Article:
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The Des Moines Register recently featured my Mulberry Syrup Recipe. I want to confess that there is a more effective way to juice the berries, one that requires more equipment. I’ll give the recipe as printed in the article in case you are not local, along with the modification.
You’ll vary the amounts according to a 1 to 2 ratio. Wear dark clothes because mulberries stain _everything_.
Ingredients: mulberries and granulated sugar.
Equipment: a strainer or colander and cheesecloth (read below), or a jelly bag (purchased from a canning supply aisle or make your own like I did), bowl to hold the juice, jars for storage.
Pick mulberries and rinse clean. You can leave the stems on. They’re almost impossible to get off. Be sure to include a few underripe berries to encourage thickening.
Variations on juicing. Pour the berries into an appropriately sized pan. Add water to just cover the berries. Bring to a boil then shut the heat off. The berries should soften and look ‘slumpy.’ Mash them in the pot with the back of a large spoon, muddler, potato masher, or wooden tart maker thingy (do those things have a real name?). At this point, you have three choices to get the juice. I made my juice bag out of an old sheet.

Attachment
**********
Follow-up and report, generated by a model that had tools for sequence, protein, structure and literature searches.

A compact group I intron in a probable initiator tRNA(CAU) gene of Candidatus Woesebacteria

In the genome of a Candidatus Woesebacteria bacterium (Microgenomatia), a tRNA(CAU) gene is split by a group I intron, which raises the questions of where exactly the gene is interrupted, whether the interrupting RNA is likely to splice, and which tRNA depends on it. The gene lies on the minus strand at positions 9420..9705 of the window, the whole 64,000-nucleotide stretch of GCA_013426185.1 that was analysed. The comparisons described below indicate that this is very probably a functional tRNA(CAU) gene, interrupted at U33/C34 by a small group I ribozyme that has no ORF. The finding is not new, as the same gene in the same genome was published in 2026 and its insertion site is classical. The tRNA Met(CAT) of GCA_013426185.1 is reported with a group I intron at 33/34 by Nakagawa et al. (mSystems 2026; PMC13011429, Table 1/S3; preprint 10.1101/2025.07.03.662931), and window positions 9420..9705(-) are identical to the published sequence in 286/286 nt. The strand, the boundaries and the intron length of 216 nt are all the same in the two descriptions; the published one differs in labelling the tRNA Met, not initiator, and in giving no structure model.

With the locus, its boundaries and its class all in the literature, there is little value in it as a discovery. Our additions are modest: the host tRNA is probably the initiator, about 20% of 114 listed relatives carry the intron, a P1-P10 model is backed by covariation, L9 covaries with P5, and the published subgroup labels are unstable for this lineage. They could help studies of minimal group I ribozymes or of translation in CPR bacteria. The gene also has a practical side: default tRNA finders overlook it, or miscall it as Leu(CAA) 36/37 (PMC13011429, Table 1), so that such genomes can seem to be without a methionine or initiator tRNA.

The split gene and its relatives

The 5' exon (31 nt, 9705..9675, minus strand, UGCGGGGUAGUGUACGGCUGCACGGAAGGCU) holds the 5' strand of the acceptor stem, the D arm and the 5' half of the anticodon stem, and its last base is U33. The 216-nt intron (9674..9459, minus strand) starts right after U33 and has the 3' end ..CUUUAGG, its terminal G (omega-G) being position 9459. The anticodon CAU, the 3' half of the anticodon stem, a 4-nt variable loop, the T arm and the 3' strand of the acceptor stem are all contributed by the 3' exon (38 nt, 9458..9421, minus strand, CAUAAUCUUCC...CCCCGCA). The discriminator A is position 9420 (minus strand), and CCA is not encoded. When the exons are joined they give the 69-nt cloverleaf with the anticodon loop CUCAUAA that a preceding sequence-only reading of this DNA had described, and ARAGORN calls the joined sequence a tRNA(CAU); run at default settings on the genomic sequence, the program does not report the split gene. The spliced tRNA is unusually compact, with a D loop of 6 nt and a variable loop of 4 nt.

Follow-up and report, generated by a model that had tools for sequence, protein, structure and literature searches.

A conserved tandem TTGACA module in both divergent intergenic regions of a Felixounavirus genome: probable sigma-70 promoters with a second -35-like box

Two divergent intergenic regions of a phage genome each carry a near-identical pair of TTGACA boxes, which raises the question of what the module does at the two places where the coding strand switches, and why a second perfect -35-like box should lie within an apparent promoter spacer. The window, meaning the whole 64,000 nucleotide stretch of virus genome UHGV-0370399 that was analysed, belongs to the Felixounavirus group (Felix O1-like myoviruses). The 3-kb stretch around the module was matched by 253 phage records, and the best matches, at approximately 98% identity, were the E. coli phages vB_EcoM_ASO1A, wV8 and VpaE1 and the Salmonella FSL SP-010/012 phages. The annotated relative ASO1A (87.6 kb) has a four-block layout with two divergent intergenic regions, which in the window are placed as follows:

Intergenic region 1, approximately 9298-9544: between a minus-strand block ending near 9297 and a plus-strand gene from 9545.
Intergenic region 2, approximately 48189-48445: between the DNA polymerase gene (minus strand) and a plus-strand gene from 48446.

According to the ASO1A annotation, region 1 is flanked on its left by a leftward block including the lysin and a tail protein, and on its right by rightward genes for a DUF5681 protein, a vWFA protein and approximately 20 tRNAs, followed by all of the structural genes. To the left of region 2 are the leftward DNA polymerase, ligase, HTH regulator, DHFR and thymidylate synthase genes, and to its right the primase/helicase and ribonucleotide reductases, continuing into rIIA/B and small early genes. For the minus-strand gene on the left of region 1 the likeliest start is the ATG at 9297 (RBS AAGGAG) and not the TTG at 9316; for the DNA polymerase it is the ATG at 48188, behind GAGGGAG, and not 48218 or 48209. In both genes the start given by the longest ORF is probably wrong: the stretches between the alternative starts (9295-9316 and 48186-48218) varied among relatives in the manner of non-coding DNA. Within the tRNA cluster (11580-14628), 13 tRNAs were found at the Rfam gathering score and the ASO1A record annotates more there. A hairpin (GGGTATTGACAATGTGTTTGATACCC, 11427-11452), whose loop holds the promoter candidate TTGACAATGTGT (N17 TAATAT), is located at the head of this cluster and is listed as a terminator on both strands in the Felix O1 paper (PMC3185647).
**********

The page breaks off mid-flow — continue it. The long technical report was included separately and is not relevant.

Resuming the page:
Option one with a handmade juice bag:
Place the bag in the bowl. Pour your softened mulberries into the bag. Hang the filled bag to allow the juice to drain. You can see my set up with the handles with the cabinet handles. Let drain a couple hours or overnight.
Option two with a commercially bought jelly bag: Set up your bowl and bag. Pour mulberries into the bag until full. Let drain a couple hours or overnight. (Local blogger Diana has photos of a store-bought set up.)
Option three with a colander: Set your colander over (or in) a large bowl. Line with a couple layers of cheesecloth or a thin tea towel. Pour berries in the colander and let drain.
To juice as printed in the newspaper, without cooking: Place the berries in colander lined with a couple layers of cheesecloth, thin tea towels, or use a muslin bag. Press the juice into a bowl, using your hands, the back of a spoon, etc.
For all options: Repeat as necessary until all mulberries have been juiced. Discard the berry skins. (Compost piles are great places to discard.)
Measure the juice into a measuring cup. Pour into an appropriately sized saucepan. Stir twice as much white sugar into the juice. Example: If you have 3 cups of juice, use 6 cups of sugar.
Boil vigorously until the syrup is thick. Let cool. Pour into sterile jars and cap tightly. Once opened, refrigerate.
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